Last night, the first SM-2 missile was fired from a Danish warship. The Danish Defence and the Ministry of Defence’s Materiel and Procurement Agency are integrating the SM-2 missiles for use in the Danish frigates of the Iver Huitfeldt class. This means that going forward, the frigates will be able to shoot down enemy aircraft from afar.

When an SM-2 missile was fired from a Danish ship last night for the first time ever, there was an intense but focused atmosphere on board. The entire ship’s crew was in place at their posts while waiting for the characteristic sound that can be heard anywhere on the ship when a missile leaves the launch well.

In the ship’s operating room, from which the launch was controlled, all operators had their full attention directed to the task: a safe and successful launch.

When the button was pressed and the missile cruised successfully to the sky, however, there was room for a smile on the focused faces. For the first time ever, a Danish warship had fired an SM-2 missile. The shooting is a so-called First of Class (FOC) shooting, and it is the Ministry of Defense’s Materiel and Procurement Board that conducts it on the frigate Niels Juel. This is a big step towards getting the three Iver Huitfeldt-class frigates equipped with SM-2 missiles.

“It is a very important milestone to have the missiles tested on our Iver Huitfeldt class frigates. When we subsequently get the missiles installed on the three frigates in the class, you can really exploit these units for what they were originally purchased and designed for, namely area air defense. The frigates already have radars and other sensors and a well-trained crew, which together enable the frigates to closely and accurately monitor airspace and quickly detect enemy aircraft or missiles. With the SM-2 missiles, the frigates will be able to shoot down these possibly enemy aircraft and missiles at a longer distance, and they will thus contribute significantly to, among other things, the air defense of Denmark. It simply makes the frigates better for air defense, which is important in relation to the defense of Denmark and supports the demand from NATO,” says Rear Admiral Torben Mikkelsen, head of the Naval Command.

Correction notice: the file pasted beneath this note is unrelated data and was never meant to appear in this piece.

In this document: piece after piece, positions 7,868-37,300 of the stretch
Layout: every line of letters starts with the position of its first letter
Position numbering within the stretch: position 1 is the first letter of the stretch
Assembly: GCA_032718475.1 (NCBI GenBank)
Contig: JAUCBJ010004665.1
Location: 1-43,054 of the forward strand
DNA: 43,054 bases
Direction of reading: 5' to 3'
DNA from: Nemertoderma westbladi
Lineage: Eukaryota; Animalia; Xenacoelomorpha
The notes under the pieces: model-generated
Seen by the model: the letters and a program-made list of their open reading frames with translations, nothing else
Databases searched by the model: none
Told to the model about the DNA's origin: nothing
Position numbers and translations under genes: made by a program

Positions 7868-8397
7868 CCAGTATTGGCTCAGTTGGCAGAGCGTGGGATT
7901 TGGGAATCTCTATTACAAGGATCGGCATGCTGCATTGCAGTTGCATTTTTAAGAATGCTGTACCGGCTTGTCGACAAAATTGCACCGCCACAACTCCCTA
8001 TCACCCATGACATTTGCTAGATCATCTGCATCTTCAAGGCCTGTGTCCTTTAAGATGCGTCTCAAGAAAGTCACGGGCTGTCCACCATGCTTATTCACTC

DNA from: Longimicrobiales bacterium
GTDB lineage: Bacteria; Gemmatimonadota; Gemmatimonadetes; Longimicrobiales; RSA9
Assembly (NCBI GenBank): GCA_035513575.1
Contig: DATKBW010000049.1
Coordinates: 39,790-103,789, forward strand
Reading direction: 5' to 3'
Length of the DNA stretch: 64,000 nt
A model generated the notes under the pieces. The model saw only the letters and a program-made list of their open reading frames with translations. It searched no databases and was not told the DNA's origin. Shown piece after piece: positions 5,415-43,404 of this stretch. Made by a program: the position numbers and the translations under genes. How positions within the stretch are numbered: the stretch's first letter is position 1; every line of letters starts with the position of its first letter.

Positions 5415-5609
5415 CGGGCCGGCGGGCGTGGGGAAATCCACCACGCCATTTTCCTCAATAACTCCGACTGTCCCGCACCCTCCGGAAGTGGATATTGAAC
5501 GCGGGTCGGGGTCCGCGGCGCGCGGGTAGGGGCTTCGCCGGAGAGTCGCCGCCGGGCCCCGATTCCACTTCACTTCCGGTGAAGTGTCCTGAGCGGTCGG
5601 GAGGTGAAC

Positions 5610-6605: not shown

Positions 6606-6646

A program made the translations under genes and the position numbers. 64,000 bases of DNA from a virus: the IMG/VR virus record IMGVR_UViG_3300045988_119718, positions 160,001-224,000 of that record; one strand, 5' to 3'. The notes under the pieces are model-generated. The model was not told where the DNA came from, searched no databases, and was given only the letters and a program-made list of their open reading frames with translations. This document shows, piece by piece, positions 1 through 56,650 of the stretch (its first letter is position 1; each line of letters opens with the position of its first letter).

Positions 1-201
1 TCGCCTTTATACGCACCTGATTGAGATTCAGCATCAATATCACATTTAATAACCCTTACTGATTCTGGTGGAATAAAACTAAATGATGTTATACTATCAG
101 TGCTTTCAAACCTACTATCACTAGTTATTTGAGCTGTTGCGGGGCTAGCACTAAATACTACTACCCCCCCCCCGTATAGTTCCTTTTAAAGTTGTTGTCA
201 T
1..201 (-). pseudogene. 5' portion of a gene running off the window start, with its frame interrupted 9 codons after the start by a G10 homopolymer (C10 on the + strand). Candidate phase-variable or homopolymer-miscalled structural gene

When the new missiles are fully phased in, the frigates can move out at short notice for defense tasks both in conflict areas around the world and as defense of Denmark and Danish territory.

At the same time, the upgrade means that the frigates will become more valuable to NATO, as the ability to deploy a ship that has sensors and weapons that together can protect airspace is something NATO is very much in demand. Denmark’s contribution to NATO will thus be improved.

Long-term project

Prior to today’s launch, the Ministry of Defense’s Materiel and Procurement Agency (FMI) has been preparing for several years for the missile’s installation and testing. The acquisition consists of several parts. The missile itself is procured through the US Navy, US Navy. But in addition to the acquisition of these, FMI has done a lot of work to update electronics and software on board the frigate, which allows the missile to be integrated with the ship’s other systems.

Likewise, FMI has prepared the so-called MK41 launcher, which was built into the ships from the start and from which the missiles are launched. On land, storage space and workshop for the missiles have been set up at the same time.

“We have been working for many years to implement this capability. It is therefore a great pleasure that everything everyone has been working towards came together in a very successful first shooting last night. Now we look forward to being able to use the data we have from the test firing for the further work towards a final implementation of the missile system,” says Anders Skeel Bytzau, project manager for the acquisition of the SM-2 missile system at the Ministry of Defence’s Materiel and Procurement Agency.

Area defense
The typical task of the new missiles will be to contribute to an area defense.

“Area defense is essential for a naval force or an aircraft carrier group to operate freely. With the SM-2 missiles, the Danish frigates can much better escort other ships and protect a naval force, and the area the naval force is in, against enemy missiles or aircraft,” says the ship’s commander on the frigate Niels Juel, Lieutenant Commander Simon E. Schultz-Larsen.

Niels Juel is the first Danish frigate to shoot with the new missiles. The missile launch is a test that all the systems work and interact correctly. It happens this week in a shooting range at sea at Andôya Space Defence (ASD) in the northern part of Norway.

“When we test the missiles, it is not just a milestone for Denmark and the Danish defence. It is also a big event for the ship and crew. We’ve clearly been looking forward to the shooting – and the crew has been working intensely and purposefully for a long time on the night’s events. Now we have a capability on board that significantly moves the frigate Niels Juel and our sister ships up in relation to naval usability for Denmark and NATO. It was clear to feel that we were all just straightening our backs one more time when it was all well over. Niels Juel has a dedicated and professional crew – and I am proud of their approach to the task,” says the ship’s manager at Niels Juel.